I just picked up an unused original 1960's Diana in the original bag and box with the strap and instructions for free.
Well, free with a $450 Durst enlarger. It's very well designed, quite sleek and functions beautifully. After using it, I would easily have paid $100 for it .
That being said, a Holga at $25 is pretty rich. I paid $18 for mine and the build quality hardly seems worth that. Unfortunately I don't think anyone else is going to set up a factory to make $12 medium format film cameras that are capable of making excellent pictures anytime soon.
Holga: if it was any more analog, you'd need a chisel.
Isn't New Zealand closer to China than to U.S.?
Originally Posted by ChrisC
Then again my Italian cousins come to NYC and buy italian shoes..
Holga: if it was any more analog, you'd need a chisel.
What I am saying is the build quality is severely lacking. Everyone says, "tape up your Holga or your images will be fogged." I've never used one, so I can't comment on that. It would seem that for $25 you'd at least get a camera that is properly lightproof.
I agree the images you get from a Holga are special, so in that regard they are easily worth the $25. In fact, I would say the extra potential a Holga opens up in a Photographer's mind makes it worth more (Lensbabies sells a lens that in essence converts your SLR into a Holga for $100 minimum). My point is this: it's plastic. It probably costs less than $5 to make. Spend an extra $1 or so to build in some foam for lightproofing. Build on a real hinge or something more sturdy than flimsy clips for the back.
This just in: Holgas (the 120N, cheapest model) is now $28 at Freestyle.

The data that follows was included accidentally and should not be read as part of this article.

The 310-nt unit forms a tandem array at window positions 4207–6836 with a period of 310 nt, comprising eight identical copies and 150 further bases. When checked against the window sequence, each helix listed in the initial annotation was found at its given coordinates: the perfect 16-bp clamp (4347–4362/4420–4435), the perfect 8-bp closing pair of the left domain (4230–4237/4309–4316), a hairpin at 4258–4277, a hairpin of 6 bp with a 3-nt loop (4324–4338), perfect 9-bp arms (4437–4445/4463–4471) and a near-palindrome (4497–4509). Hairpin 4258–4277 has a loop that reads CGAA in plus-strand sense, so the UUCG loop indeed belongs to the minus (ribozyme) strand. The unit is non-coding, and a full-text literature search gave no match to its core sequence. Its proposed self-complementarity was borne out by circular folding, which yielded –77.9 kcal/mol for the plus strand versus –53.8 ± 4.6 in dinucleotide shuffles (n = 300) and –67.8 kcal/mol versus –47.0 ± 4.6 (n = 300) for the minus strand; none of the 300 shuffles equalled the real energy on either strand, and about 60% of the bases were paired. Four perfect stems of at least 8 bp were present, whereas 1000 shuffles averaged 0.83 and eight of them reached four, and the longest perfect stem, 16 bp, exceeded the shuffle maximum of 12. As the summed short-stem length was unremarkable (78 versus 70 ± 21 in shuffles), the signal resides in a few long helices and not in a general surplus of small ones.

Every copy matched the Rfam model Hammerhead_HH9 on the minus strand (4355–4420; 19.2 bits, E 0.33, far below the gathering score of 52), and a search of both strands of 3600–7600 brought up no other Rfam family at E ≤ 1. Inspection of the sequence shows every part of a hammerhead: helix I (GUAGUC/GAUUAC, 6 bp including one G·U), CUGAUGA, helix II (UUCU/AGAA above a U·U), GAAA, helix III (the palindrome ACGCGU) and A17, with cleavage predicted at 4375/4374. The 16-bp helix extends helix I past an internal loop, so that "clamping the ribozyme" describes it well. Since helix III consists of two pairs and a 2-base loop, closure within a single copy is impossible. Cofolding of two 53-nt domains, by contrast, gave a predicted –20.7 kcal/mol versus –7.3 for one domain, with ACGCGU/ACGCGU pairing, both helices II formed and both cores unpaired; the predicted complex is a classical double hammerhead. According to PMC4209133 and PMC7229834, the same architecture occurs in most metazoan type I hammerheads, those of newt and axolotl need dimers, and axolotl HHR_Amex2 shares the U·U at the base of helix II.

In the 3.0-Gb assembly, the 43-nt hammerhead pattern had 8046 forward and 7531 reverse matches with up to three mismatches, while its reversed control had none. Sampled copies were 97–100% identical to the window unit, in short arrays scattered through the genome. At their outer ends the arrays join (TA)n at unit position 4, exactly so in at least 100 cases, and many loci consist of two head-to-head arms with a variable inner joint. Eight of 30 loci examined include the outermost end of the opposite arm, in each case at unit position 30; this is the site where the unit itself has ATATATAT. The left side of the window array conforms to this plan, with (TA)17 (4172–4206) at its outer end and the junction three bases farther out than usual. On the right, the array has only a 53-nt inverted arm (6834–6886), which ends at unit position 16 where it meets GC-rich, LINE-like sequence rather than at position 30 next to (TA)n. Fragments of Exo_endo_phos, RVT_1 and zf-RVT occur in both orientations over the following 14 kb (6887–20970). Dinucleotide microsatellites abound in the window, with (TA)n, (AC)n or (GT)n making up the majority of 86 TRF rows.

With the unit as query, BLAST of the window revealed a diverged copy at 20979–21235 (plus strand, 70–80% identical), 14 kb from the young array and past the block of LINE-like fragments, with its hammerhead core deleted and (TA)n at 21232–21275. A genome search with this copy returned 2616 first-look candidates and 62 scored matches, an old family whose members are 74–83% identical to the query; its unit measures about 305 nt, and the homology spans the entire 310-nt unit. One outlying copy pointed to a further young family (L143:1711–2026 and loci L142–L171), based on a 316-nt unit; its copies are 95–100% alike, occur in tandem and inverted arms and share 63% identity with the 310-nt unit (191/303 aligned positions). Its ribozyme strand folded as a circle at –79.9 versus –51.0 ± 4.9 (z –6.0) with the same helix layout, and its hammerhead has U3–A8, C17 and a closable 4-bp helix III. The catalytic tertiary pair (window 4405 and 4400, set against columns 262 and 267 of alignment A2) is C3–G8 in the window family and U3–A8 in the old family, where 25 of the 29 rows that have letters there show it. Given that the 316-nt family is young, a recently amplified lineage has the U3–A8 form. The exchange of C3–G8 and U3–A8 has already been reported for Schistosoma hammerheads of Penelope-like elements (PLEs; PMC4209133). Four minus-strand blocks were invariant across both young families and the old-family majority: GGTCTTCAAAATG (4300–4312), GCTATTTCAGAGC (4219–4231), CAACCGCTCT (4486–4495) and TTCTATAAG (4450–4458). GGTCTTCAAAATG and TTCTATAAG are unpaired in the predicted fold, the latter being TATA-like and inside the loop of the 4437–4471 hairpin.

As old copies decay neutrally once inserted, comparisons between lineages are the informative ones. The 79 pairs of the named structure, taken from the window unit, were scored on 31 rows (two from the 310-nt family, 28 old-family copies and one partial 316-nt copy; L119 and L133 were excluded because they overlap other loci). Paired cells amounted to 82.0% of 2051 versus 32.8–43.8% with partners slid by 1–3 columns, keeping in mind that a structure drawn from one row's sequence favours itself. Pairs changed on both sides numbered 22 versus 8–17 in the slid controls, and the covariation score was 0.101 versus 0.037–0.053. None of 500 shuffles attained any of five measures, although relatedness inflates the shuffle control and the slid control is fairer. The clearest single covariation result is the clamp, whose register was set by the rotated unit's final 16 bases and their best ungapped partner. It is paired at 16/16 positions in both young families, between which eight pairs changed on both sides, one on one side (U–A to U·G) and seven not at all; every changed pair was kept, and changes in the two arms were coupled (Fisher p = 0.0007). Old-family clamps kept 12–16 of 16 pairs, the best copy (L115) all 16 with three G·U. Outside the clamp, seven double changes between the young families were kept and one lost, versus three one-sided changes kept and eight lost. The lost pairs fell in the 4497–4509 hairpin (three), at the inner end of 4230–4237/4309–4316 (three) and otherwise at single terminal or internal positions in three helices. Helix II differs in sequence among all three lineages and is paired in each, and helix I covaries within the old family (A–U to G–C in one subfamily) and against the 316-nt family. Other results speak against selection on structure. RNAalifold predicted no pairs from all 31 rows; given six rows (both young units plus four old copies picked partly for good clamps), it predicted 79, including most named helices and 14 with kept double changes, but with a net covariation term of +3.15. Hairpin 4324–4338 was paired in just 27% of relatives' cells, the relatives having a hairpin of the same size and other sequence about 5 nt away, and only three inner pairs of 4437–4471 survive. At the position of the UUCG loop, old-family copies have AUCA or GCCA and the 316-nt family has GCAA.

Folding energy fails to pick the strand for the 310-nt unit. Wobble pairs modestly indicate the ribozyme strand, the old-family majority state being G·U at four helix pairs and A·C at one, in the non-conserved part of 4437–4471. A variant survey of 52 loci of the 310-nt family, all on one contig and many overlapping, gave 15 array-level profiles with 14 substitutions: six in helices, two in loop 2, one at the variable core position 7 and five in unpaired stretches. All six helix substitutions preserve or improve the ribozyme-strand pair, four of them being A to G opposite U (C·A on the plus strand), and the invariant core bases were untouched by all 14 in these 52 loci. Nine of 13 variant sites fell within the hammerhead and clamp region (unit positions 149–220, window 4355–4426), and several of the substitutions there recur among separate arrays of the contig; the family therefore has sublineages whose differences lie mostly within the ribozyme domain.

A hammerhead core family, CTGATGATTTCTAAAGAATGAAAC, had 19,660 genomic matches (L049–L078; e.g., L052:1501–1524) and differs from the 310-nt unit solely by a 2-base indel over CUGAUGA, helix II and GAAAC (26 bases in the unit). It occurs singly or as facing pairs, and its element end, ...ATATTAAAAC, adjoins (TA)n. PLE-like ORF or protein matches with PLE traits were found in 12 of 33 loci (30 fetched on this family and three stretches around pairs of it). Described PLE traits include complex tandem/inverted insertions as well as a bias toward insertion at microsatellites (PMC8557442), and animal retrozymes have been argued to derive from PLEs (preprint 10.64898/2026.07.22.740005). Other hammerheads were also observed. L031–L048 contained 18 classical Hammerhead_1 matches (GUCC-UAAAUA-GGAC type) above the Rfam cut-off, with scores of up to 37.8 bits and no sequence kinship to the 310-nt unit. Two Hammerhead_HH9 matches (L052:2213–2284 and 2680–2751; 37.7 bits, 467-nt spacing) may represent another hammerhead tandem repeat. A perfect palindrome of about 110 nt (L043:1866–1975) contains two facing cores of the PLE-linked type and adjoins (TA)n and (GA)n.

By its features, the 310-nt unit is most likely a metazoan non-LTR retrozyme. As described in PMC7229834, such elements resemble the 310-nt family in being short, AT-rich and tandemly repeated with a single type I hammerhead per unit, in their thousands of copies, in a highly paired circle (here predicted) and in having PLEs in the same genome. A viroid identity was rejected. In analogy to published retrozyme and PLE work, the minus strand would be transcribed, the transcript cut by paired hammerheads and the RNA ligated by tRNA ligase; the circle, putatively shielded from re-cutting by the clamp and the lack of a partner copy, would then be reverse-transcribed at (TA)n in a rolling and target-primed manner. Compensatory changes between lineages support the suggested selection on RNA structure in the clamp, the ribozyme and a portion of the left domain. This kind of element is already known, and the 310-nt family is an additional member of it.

They are expensive because of the status factor. They are "cool". It is now cool to say that your pics happened by accident and luck, and have enough weight to be good based on some technical concern such as your use of a plastic camera. Some day soon, the opposite will be back en vogue.
Originally Posted by brofkand
If I happen to get a great shot with a Holga, Diana, or any other camera, I guess I have the option of proclaiming it, and maybe being cool. People will think I am so badddd ass because I shun technique.....
WHATEVER - I see it as a usable photographic tool in the art of printmaking. When you want something with a certain mood or look, there is nothing like them. $40 seems relatively cheap for the Diana, especially with the new features and the book that comes with it. The Holga at $35 seems cheap too. As long as you view them as a means to an end, and not simply as a CONSUMER PRODUCT judged on surface value alone, they are well worth the money, IMO.
The second someone mentions gear in an artist's statement, a red flag goes up for me, whether it be an overly technical obsession with gear, or a heavyhanded statement about the wonders of shooting without technique.
The only time plastic camera images work, IMO, is when the subject matter somehow relates conceptually to the fact that it is a "cheap toy"; when the camera is used to talk about or create pix making cultural commentary on ways in which a person might have used the camera in all seriousness before it became a cult icon. IMO, very good for a cheap suburban nostalgic mood.